UK National minimum wage changes

Minimum wage changes have traditionally always taken place in October.  However, the introduction of the national living wage in April 2016 gave us a new date in the diary to keep an eye on.

Introduced at £7.20 per hour as essentially another band of minimum wage, the national living wage has now been in force for almost a year and stuck at its introductory rate, despite the other minimum wage bands increasing in October 2016.  April 2017 will see the next set of changes, to all bands of minimum wage.

From 1 April 2017, the rates will be:

25+ (National Living Wage) £7.50 per hour
21 to 24 (Standard adult rate) £7.05 per hour
18-20 (Development rate) £5.60 per hour
16-17 (Young workers) £4.05 per hour
Apprentice £3.50 per hour
Accommodation Offset £6.40 per day

 

2016 also saw the financial penalty for non-payment being doubled, meaning 200% of arrears will be due (although this will be halved if the employer pays within 14 days).  HMRC also continues to name and shame employers who have underpaid, as well as impose penalties of up to £20,000 per worker and refer cases to the CPS for a criminal prosecution.

Since the introduction of HMRC’s ‘name and shame’ list in October 2013, 687 employers have been named and between them, owed over £3.5 million in underpaid wages.  August 2016 also saw the biggest list since its introduction, with 197 companies named, owing just over £465,000.  A company’s name going onto the list itself doesn’t happen lightly.  Before being named, employers will have already received a notice of underpayment, which includes the opportunity to appeal.

HMRC also recently released a ‘top 10 worst excuses’ for not paying the minimum wage which, somewhat comically, included a worker not deserving the minimum wage because she “only makes the teas and sweeps the floors”, an employer and his accountant speaking different language meaning the accountant doesn’t understand the correct wages, an employer thinking it was “okay” to pay foreign workers below the minimum wage rate because they aren’t British and shop workers only being paid when they are “actually serving someone”!

Sue Evans, Partner in Lester Aldridge LLP’s Employment and HR Team, commented “It is still worrying to see just how many businesses fall foul of their minimum wage obligations and with the government increasing the enforcement budget available to HMRC, as well as the penalties for non-payment, it’s something employers need to keep on top of”. Ends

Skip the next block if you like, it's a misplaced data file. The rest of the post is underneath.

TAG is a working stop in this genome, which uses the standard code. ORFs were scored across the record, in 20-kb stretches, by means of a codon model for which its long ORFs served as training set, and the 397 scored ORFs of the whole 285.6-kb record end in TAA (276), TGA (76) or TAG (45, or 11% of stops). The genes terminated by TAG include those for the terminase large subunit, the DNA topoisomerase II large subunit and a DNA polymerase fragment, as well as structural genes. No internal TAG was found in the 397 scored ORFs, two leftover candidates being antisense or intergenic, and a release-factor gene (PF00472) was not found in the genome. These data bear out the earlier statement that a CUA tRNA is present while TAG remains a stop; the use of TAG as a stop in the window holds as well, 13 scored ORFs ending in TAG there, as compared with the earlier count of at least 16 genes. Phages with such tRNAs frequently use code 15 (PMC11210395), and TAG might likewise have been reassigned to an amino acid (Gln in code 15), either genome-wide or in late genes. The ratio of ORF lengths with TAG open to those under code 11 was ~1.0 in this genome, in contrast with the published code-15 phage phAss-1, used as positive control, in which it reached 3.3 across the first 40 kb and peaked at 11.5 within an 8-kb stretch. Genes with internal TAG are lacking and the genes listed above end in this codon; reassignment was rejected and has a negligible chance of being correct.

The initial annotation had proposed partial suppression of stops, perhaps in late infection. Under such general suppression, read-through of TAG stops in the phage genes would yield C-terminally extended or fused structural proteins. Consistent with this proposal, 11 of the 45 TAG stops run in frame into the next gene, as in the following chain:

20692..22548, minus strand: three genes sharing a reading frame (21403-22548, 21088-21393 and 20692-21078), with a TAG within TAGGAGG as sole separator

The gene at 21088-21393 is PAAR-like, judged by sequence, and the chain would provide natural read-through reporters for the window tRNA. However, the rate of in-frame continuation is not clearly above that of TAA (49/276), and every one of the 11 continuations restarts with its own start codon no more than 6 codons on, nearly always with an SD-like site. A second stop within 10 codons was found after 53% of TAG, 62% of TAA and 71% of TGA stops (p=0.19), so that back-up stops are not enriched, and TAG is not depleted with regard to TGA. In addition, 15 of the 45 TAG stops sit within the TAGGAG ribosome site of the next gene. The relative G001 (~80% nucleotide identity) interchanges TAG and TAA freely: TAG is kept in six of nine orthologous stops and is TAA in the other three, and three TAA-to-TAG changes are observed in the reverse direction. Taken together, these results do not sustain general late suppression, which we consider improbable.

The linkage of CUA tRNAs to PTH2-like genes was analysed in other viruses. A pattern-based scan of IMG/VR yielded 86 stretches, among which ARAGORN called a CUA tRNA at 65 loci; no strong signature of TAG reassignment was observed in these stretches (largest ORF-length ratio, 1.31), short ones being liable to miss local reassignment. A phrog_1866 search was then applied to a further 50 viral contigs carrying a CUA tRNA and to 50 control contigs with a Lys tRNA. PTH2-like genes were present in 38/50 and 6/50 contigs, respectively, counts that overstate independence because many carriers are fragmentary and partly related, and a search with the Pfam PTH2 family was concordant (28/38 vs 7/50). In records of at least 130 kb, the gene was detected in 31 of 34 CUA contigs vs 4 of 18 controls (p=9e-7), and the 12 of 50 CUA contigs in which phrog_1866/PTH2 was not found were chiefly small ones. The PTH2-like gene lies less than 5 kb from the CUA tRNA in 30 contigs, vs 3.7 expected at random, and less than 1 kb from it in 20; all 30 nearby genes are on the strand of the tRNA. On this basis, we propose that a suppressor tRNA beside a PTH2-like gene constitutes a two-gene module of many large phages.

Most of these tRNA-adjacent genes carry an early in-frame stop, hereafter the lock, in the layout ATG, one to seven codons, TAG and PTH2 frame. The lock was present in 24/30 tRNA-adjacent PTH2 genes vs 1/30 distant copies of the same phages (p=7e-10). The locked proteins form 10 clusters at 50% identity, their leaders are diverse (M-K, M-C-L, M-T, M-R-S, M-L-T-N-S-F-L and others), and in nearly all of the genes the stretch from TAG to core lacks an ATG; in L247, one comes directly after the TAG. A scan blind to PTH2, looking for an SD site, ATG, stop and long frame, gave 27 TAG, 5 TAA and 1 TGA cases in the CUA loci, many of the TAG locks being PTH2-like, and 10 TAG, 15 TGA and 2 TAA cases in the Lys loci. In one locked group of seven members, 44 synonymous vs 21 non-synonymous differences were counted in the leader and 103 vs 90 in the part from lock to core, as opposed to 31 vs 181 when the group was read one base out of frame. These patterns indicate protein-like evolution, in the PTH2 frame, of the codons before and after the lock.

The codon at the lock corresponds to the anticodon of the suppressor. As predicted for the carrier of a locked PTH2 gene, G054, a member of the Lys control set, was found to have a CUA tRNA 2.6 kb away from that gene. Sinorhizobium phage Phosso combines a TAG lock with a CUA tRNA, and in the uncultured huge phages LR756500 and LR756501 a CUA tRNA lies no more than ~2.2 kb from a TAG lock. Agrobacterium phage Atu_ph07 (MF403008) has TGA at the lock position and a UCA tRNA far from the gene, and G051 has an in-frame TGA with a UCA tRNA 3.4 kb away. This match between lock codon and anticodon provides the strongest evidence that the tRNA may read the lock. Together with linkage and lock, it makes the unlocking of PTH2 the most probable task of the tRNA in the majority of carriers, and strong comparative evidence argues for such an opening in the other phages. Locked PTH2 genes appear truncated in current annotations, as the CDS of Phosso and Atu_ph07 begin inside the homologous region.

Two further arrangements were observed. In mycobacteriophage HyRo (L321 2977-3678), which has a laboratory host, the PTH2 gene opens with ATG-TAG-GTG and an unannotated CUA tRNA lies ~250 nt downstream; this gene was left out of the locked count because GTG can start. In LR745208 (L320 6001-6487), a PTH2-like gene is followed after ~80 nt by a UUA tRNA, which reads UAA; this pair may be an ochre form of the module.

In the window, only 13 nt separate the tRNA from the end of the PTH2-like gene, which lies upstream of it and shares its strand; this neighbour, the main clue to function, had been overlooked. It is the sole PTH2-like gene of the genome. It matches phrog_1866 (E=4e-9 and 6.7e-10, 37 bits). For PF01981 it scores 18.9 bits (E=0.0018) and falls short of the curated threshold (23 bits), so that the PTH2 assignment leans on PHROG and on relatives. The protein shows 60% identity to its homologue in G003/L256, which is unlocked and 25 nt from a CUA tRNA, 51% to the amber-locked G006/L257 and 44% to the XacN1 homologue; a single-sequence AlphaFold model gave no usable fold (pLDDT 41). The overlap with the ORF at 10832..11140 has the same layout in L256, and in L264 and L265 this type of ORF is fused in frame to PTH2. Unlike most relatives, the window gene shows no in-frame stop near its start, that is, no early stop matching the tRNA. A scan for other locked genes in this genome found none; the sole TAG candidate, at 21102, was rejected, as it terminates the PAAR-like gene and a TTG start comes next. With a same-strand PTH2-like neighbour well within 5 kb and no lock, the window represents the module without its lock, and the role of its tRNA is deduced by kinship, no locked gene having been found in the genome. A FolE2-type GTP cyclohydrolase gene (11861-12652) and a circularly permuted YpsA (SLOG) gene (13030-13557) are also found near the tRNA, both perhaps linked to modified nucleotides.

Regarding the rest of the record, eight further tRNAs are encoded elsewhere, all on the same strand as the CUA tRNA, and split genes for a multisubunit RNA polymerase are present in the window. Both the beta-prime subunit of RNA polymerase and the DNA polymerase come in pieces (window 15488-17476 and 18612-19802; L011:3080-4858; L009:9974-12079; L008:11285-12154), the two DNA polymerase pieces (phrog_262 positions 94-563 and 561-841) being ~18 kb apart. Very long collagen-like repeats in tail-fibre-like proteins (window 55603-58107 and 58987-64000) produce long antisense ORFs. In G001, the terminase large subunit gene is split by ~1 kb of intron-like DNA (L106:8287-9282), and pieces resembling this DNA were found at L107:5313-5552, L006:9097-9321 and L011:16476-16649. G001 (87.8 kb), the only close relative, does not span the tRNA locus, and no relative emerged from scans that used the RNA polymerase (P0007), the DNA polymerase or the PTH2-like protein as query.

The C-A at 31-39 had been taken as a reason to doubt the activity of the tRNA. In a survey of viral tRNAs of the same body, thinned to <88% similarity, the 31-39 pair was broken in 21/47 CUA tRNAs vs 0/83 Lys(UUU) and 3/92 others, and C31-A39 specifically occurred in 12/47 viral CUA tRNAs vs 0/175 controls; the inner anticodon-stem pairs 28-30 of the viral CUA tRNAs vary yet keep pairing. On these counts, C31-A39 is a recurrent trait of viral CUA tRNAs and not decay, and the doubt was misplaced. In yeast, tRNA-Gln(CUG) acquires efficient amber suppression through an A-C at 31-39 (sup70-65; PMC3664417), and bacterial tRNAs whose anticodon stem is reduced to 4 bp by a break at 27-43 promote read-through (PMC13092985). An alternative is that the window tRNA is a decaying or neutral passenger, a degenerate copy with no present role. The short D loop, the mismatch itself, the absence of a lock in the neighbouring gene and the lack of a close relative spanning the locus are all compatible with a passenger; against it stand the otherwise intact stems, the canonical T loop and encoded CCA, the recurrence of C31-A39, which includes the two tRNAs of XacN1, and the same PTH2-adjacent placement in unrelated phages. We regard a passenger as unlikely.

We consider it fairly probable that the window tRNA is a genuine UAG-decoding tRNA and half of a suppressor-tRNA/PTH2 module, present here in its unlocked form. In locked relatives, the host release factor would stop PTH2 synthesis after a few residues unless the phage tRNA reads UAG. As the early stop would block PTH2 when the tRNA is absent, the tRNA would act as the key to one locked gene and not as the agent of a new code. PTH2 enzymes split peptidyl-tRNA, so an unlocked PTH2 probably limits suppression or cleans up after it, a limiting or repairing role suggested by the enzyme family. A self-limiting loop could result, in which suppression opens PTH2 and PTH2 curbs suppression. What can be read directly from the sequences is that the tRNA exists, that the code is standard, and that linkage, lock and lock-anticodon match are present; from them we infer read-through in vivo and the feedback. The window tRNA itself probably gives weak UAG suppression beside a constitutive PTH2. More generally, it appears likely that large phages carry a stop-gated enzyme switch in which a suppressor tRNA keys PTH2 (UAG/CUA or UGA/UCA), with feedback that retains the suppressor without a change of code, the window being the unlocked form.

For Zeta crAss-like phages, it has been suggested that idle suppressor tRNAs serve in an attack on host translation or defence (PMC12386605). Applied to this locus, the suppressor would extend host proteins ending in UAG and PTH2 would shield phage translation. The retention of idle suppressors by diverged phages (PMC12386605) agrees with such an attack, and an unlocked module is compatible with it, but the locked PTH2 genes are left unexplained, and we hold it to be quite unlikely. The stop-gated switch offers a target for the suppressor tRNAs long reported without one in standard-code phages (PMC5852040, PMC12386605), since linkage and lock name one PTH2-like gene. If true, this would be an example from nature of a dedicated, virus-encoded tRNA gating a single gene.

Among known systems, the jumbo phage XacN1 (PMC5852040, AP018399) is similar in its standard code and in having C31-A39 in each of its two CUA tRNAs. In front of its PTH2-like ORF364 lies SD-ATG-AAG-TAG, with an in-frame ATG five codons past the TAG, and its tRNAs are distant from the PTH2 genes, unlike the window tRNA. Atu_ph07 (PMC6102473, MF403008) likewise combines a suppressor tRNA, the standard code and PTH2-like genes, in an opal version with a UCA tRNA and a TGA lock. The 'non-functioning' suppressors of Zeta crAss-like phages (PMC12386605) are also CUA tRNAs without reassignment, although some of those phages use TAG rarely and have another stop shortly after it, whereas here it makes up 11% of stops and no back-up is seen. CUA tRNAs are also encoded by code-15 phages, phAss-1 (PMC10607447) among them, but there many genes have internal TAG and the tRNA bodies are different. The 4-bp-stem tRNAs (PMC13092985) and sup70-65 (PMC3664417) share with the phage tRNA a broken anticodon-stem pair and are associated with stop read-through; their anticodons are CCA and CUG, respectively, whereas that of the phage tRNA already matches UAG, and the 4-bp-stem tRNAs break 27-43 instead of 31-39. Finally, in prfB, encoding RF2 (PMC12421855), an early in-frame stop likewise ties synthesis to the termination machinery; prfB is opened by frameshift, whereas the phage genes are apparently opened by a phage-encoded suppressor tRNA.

Providing outstanding legal advice, Lester Aldridge has core practice areas in real estate, litigation, private client and commercial services, which it delivers nationally and internationally through its global alliance with MSI, a network of professional service firms.

For advice and assistance with minimum wage obligations, please contact Sue or a member of her team on 01202 786 161.

Sue Evans

Sue Evans

Partner at Lester Aldridge

Email :Sue.Evans@LA-Law.com
Tel: +44 (0) 1202 786310

Sue specialises in contentious employment issues and is an experienced advocate appearing in tribunals across the country. Sue has a strong reputation for dealing with all areas of contentious employment law such as employment tribunal claims and day to day issues which arise in an organisation. This covers areas such as holiday, maternity, disciplinaries, grievances, redundancies, sickness absence, performance management and settlement agreements. Sue also has an additional specialism in TUPE-related matters.

Share

About Sue Evans

Email :Sue.Evans@LA-Law.com
Tel: +44 (0) 1202 786310

Sue specialises in contentious employment issues and is an experienced advocate appearing in tribunals across the country. Sue has a strong reputation for dealing with all areas of contentious employment law such as employment tribunal claims and day to day issues which arise in an organisation. This covers areas such as holiday, maternity, disciplinaries, grievances, redundancies, sickness absence, performance management and settlement agreements. Sue also has an additional specialism in TUPE-related matters.